BC 2044 Students Investigate Upcycling Possibilities for Furniture

Students spent their first hands-on Materials Lab this morning working with objects donated by the YMCA Blacksburg that pose a significant challenge to their operation: furniture made from pressed wood. While affordable and functional, these furnishings do not typically age well. Each time they are assembled or disassembled, they sustain damage at their mechanical joints, and the wood-to-fastener connections lose integrity. They are also often left unfinished on the surfaces contacting the floor, which makes them vulnerable to moisture damage. When faced with space limitations and limited staff, the Y is forced to either reject donations of these types of furniture, or pay to dispose of them if they cannot be repaired to a sellable state. Particularly during move-out periods, the volume of donations greatly exceeds available resources to deal with them. A better solution is needed to deal with these types of donations more sustainably.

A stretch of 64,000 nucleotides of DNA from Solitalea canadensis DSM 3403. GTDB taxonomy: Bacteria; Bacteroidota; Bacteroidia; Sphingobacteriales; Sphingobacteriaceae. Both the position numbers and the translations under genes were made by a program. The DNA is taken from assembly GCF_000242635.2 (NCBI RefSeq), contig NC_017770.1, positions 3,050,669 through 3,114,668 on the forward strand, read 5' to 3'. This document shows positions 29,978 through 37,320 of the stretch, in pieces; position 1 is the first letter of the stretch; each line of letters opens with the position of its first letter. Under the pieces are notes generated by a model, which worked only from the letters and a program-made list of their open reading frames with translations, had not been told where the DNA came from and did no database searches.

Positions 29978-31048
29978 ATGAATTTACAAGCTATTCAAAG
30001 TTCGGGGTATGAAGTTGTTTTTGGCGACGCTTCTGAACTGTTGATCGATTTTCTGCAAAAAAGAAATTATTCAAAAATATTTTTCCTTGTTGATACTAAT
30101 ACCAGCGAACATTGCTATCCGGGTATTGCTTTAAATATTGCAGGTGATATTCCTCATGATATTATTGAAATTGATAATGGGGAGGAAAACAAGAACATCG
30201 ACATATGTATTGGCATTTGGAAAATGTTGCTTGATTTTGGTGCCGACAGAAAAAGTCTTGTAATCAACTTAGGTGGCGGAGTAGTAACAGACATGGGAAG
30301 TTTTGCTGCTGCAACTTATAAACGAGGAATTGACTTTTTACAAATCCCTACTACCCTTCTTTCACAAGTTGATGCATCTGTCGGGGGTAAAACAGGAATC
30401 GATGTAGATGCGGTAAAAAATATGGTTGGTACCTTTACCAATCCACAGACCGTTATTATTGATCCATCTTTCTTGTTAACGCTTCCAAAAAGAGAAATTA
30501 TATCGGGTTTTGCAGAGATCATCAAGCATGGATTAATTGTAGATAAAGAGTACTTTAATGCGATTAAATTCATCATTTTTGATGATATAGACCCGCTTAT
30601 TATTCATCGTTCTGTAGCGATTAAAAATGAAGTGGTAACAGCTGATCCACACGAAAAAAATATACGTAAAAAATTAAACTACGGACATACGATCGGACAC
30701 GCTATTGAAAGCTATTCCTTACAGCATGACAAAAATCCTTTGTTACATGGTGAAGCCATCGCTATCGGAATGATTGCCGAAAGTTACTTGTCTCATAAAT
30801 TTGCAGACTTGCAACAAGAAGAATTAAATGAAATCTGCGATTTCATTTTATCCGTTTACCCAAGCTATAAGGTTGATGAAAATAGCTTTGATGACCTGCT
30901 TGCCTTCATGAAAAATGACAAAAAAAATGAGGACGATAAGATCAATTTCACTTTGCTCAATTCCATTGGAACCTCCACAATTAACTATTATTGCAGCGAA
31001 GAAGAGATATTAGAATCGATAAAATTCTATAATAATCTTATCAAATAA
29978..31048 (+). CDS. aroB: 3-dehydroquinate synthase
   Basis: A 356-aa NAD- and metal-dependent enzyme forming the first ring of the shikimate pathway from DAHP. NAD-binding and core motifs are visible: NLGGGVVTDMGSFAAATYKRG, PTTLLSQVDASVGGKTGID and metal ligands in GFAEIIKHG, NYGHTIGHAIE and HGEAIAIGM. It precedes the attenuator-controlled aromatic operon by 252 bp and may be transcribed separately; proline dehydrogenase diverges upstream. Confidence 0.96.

On a global scale, diminishing high quality forest resources and greater consumer demand for affordable furniture mean that this type of material is becoming much more common than raw wood. Our class has an opportunity in this lab to study the material properties of pressed board. This lab is an important preparatory step for our last lab of the semester, in which each team will propose a useful way to upcycle pressed board materials into something the YMCA can sell, therefore both reducing waste disposal costs and offering a potential new revenue stream. Through these labs, we'll apply our creativity not only to help the local YMCA solve its immediate problems, but also contribute to finding solutions that may help address the world's solid waste and resource scarcity problems.